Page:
Indigenous Futurisms

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Indigenous Futurisms is a movement consisting of art, literature, comics, games, and other forms of media which express Indigenous perspectives of the future, past, and present in the context of science fiction and related sub-genres. Such perspectives may reflect Indigenous ways of knowing, traditional stories, historical or contemporary politics or other cultural realities.

Like Afrofuturism, Indigenous futurisms encapsulate multiple modes of art making from literature to visual arts, fashion and music.[1] The term was coined by Dr. Grace Dillon,[2] professor in the Indigenous Nations Studies Program at Portland State University.[3] In the anthology, Walking the Clouds: An Anthology of Indigenous Science Fiction, Dillon outlines how science-fiction can aid processes of decolonization. Using tools like Slipstream, worldbuilding, science fiction and anthropological First Contact scenarios, Indigenous communities construct self-determined representations and alternative narratives about their identities and futures [4]. Indigenous Futurists critique the exclusion of Indigenous people from the contemporary world and challenge notions of what constitutes advanced technology [5]. In so doing, the movement questions the digital divide, noting that Indigenous peoples have at once been purposefully excluded from accessing media technologies and constructed as existing outside of modernity [6]. The widespread use of personal computers and the Internet following the Digital Revolution created conditions in which, to some extent, Indigenous peoples may participate in the creation of a network of self-representations [7].

Prominent artists working within the field of Indigenous futurism include Skawennati, a Mohawk multi-media artist best known for her project TimeTraveller™, a nine-episode machinima series that uses science fiction to examine First Nations histories,[8] Dr. Grace Dillon, who is editor of Walking the Clouds: An Anthology of Indigenous Science Fiction,[9] Stephen Graham Jones, a Blackfeet Native American author, and Wendy Red Star, a Native American contemporary multimedia artist.[10] Additionally, Lou Catherine Cornum is a writer and scholar currently working in the field of Indigenous futurism.[11]

Indigenous Futurists[edit]

See also[edit]


  1. ^ Guzmán, Alicia Inez. "Indigenous Futurisms". InVisible Culture: An Electronic Journal for Visual Culture. University of Rochester. Retrieved 2 January 2017.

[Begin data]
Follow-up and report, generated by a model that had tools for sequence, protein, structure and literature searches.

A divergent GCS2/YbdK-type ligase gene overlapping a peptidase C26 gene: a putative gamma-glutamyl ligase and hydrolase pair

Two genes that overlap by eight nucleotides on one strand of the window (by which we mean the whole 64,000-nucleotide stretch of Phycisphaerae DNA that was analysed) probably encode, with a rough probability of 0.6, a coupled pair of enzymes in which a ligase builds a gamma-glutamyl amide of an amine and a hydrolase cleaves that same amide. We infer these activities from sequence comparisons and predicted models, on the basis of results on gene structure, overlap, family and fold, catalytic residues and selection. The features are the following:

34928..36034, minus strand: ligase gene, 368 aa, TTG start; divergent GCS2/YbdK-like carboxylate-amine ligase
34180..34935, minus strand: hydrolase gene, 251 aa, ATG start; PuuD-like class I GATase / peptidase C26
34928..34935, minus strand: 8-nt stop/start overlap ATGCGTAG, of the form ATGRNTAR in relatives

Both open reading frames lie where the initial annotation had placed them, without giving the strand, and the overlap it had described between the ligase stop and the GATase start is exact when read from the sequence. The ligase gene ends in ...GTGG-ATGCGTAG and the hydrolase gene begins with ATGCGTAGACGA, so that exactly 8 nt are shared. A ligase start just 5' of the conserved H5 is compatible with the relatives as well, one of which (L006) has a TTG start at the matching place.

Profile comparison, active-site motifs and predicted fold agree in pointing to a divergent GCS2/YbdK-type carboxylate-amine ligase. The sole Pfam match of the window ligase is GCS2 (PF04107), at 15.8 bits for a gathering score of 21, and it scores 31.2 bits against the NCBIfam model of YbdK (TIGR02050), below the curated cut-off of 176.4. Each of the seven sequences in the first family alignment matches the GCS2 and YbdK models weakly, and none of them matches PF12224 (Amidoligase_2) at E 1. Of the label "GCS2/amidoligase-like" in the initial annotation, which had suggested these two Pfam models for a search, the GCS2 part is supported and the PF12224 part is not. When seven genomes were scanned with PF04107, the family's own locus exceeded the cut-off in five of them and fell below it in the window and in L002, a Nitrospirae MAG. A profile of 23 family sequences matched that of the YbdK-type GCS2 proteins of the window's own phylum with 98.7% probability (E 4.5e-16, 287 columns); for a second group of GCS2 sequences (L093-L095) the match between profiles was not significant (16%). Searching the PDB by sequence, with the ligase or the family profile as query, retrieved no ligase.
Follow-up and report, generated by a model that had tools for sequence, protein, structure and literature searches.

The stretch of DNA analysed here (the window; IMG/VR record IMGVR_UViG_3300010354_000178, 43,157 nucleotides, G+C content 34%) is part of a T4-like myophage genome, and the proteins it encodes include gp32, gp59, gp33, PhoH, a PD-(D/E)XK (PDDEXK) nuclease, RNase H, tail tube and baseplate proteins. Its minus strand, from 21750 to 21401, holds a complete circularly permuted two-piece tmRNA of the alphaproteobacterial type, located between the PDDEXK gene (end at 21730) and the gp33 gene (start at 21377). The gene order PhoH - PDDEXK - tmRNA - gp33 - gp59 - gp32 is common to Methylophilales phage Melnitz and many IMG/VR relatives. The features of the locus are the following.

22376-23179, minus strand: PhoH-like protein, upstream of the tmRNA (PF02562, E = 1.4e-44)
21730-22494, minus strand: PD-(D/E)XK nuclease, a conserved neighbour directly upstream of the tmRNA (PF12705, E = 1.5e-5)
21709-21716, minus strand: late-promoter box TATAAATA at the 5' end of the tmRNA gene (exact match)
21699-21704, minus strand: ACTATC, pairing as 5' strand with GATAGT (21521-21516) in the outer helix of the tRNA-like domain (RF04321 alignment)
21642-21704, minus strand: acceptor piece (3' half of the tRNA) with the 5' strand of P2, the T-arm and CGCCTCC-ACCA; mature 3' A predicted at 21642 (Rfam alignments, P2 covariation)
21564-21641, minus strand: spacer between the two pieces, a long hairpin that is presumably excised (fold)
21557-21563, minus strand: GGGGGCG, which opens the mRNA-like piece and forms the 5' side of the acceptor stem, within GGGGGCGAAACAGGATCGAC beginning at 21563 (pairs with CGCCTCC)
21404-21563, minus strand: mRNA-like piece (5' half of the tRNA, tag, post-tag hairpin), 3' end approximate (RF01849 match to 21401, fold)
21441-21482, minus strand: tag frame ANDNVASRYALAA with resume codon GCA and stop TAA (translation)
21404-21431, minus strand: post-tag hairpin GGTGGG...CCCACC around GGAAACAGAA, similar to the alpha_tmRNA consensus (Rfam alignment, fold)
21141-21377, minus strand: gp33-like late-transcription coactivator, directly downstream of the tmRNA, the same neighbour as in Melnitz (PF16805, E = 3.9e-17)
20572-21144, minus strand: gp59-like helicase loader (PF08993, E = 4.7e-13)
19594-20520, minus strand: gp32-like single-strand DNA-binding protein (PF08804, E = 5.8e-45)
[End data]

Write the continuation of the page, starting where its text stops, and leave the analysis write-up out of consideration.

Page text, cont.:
2. ^ Gaertner, David. ""WHAT'S A STORY LIKE YOU DOING IN A PLACE LIKE THIS?": CYBERSPACE AND INDIGENOUS FUTURISM". Novel Alliances: Allied Perspectives on Literature, Art and New Media.
  3. ^ "Grace Dillon". Portland State University. Retrieved 2 January 2017.
  4. ^ Gore, Amy (December 2013). "Walking the Clouds: An Anthology of Indigenous Science Fiction". Studies in American Indian Literatures. 25 (4): 100–103 – via Arts & Humanities Citation Index.
  5. ^ Cornum, Lou Catherine (January 26, 2015). "The Space NDN's Star Map". The New Inquiry.
  6. ^ "Aboriginal Territories in Cyberspace". Retrieved 2019-03-14.
  7. ^ "Aboriginal Territories in Cyberspace". Retrieved 2019-03-14.
  8. ^ Ore, Jonathan. "Machinima art series revisits Oka Crisis, moments in native history". Cbc News. Retrieved 2 January 2017.
  9. ^ Dillon, Grace L. Walking the Clouds: An Anthology of Indigenous Science Fiction. The University of Arizona Press. ISBN 978-0-8165-2982-7.
  10. ^ Nixon, Lindsay. "Visual Cultures of Indigenous Futurisms". Guts Magazine. Retrieved 2 January 2017.
  11. ^ Cornum, Lindsey Catherine. "Indigenous Futurism and Decolonial Deep Space". VOZ-À-VOZ. e-fagia organization. Retrieved 2 January 2017.

Further reading and multimedia[edit]

  • Dillon, Grace L. Indigenous Futurisms [1], (pdf)
  • Roanhorse, Rebecca, Elizabeth LaPensée, Johnnie Jae, and Darcie Little Badger. “Decolonizing Science Fiction and Imagining Futures: An Indigenous Futurisms Roundtable.” Strange Horizons (Jan. 2017). [2]
  • LaPensée, Elizabeth. “Animating Indigenous Scientific Literacies.” Labocine (Jan. 2017). [3]
  • "Indigenous Futurisms," InVisible Culture: An Electronic Journal for Visual Culture, Alicia Inez Guzmán, March 15, 2015. [4]
  • "Indigenous Futurisms Mixtape," RPMfm [5]